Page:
Paradise Lost Adam vs. Eve In John Milton’s epic poem Paradise Lost, the issue of who is to blame for the fall of man is one that for the most part can be interpreted from a close reading of book IX. Based on the text, Eve made the main decision to eat the fruit of the Tree of Knowledge of good and evil. Adam was more passive in that he simply followed the wishes of Eve and everything he did was out of love for her. Once everything is sorted out later in the story, it becomes clear that Adam and Eve were equally at fault for their fall and exile from the Garden of Eden. After a long visit from the angel Raphael in which he made detailed explanation to Adam the dangers of falling into temptation and disobeying God’s will.
Adam has a large problem the next morning. Adams problem is that Eve wants to split up for the day and Adam knows that they should not, especially after she has had the dream that she has told him about. They argue for a very long time but in the end Adam allows Eve to do as she wishes; even though he knows she is making a poor choice. Adam knows that his ability to reason and think is inherently stronger than Eve’s, yet in his love for her is so strong that he concedes to her firm will. This is very similar to Eves yielding to the serpents deception because, like Adam, Eve is aware of how this is likely to turn out in the end. In Adams final request for her to remain devoted, he says to Eve: O woman, best are all things as well Of God ordained them; his creating hand Nothing imperfect of deficient left Of all he had created, much less man, Or aught that might his happy state secure, Secure with outward force.
... force but instead works based on a particular ideology. In Adam, Eve, and the Serpent, the ideology is Christianity, wherein pagans ... Pagels). The ideological influence somehow embodies the umbrella theme of Adam, Eve, and the Serpent in the sense that the issues on ... long been subject to both physical and ideological dispute. In Adam, Eve, and the Serpent by Elaine Pagels, the developments in ...
Within himself The danger lies, yet lies within his power; Against his will he can receive no harm. But God left free the will, for what obeys Reason is free, and reason he made right, But bid her well, and still erect, Lest by some by fair appearing good surprised She dictate false and misinform the will To what God expressly hath forbid. Not then mistrust, but tender love, enjoins That I should mind thee oft, and mind thou me. Firm we subsist, yet possible to swerve, Since reason not impossibly may meet some specious object by the foe suborned, And fall into deception unaware, Not keeping strictest watch, as she was warned. Seek not Temptation, then which not to avoid Were better, and most likely if from me Thou sever not: trial will come unsought. Would est thou approve thou constancy, approve First thy obedience, th ” other who can know, Not seeing thee attempted, who attest But if thou think trial unsought may find Us both securer than thus warned thou seems, Go; for thy stay, not free, absents thee more.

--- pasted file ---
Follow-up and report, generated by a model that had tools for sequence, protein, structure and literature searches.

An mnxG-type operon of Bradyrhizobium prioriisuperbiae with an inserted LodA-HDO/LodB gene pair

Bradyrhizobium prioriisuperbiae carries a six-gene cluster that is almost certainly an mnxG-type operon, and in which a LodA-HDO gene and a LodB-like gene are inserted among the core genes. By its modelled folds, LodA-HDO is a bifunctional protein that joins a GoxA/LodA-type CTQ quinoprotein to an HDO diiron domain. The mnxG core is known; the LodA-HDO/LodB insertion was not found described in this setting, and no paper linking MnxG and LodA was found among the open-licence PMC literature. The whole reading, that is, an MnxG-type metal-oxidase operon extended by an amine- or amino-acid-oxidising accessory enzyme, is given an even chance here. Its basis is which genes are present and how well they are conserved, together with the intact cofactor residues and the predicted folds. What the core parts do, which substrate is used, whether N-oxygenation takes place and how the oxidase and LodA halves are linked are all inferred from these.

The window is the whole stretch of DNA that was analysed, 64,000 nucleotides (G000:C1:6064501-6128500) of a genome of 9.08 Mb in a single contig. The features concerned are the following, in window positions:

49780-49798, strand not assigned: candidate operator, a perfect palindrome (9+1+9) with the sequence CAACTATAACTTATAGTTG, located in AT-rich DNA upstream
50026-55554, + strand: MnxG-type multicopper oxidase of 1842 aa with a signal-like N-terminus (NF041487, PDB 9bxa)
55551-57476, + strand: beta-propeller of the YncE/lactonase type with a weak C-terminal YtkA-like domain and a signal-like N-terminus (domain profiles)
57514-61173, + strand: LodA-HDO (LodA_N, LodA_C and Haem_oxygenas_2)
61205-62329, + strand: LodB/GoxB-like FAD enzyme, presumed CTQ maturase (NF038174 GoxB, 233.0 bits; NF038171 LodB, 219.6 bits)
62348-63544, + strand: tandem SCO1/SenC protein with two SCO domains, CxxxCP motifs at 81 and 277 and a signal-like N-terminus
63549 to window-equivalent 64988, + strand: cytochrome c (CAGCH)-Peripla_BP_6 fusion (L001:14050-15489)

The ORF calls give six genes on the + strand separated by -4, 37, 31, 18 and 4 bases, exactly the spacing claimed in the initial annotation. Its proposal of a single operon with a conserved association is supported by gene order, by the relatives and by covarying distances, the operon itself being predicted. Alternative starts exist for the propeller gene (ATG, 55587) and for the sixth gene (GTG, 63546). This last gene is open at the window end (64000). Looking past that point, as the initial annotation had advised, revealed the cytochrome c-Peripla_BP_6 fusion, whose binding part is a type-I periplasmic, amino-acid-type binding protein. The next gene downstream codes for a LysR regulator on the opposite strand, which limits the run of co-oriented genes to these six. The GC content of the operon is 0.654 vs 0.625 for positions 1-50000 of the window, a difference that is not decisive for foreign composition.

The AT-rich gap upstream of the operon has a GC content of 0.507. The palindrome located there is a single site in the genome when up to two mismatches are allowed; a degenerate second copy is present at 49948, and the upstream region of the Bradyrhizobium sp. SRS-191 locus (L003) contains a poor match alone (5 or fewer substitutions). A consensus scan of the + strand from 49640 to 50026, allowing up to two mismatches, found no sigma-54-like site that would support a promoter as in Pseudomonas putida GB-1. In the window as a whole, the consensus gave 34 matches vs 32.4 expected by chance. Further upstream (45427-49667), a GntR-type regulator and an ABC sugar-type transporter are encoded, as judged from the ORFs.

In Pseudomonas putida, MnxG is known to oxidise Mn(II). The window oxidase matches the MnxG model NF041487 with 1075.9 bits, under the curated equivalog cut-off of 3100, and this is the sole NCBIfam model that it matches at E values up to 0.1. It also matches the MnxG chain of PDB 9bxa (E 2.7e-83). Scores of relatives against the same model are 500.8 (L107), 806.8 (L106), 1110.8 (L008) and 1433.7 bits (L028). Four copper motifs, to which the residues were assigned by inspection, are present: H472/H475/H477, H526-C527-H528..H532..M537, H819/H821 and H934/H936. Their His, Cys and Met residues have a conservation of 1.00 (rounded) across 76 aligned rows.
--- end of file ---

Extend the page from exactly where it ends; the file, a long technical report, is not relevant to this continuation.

Go in thy native innocence; rely On what thou hast of virtue, summon all; For God towards thee hath done his part: do thine. In this long speech Adam is trying to convince Eve to see that this is a terrible idea for her to go out into the garden alone in the likelihood of such horrible danger. Its seems almost as though he is giving her a speech before she takes her leave to go out to battle. Unfortunately, battle is precisely what she finds.
Eve is accosted by a serpent who tries to convince her to eat of the Tree of Knowledge. The serpent tells her that he ate of the tree and it transformed him from a simple snake to a being that could speak and reason. By this logic he convinces her that if she eats of the tree she would become a god; seeing how advanced she is at the time being. After Eve has eaten of the fruit she becomes more calculating.
She realizes that now she has committed sin and she will have to face the punishment, which is death. Even though she doesnt realize what death is at this point, she still has a fairly good idea that it would mean for her to wither or be forgotten for another woman that god would create for Adam. It is at this point that you see the jealousy creep through and it proves that she is no longer innocent as she once was. Through this, Adam is clearly aware that this is going to happen. He makes his decision to yield to Eve that makes him as much to blame for the fall as Eve is for trusting the serpent and falling into temptation.
... reason to determine her actions instead of blindly adhering to God's command, as Adam would probably have done. Milton suggests that, since Eve ... explicitly forbidden by her creator, she is guilty of the fall of Paradise, despite her obvious intelligence and reasoning. The irony ... fruit of this fair tree amidst The Garden, God hath said, Ye shall not eat Thereof, nor shall ye touch it, lest ...
When Eve tries to get Adam to eat the apple, he knows that it is very wrong, but he does so anyway because his love for Eve is so strong will not let her suffer punishment alone. This being his decision, he eats the apple and thus disobeys the word of God and contradicts every thing he has been telling Eve that they must believe in. Once he has eaten the apple, both Eve and Adam fall feel a deep lust for the other and they make love for a long time until they pass out. After they awaken, they realize what they have done and fall into a terrible argument of who is to blame, but the reality is that the two of the are equally at fault for the fall of man, because either could have prevented it if they had obeyed the will of God. Even though in the end it was Eve that convinced Adam to eat of the tree, it all could have been prevented if at any given point they had not disobeyed.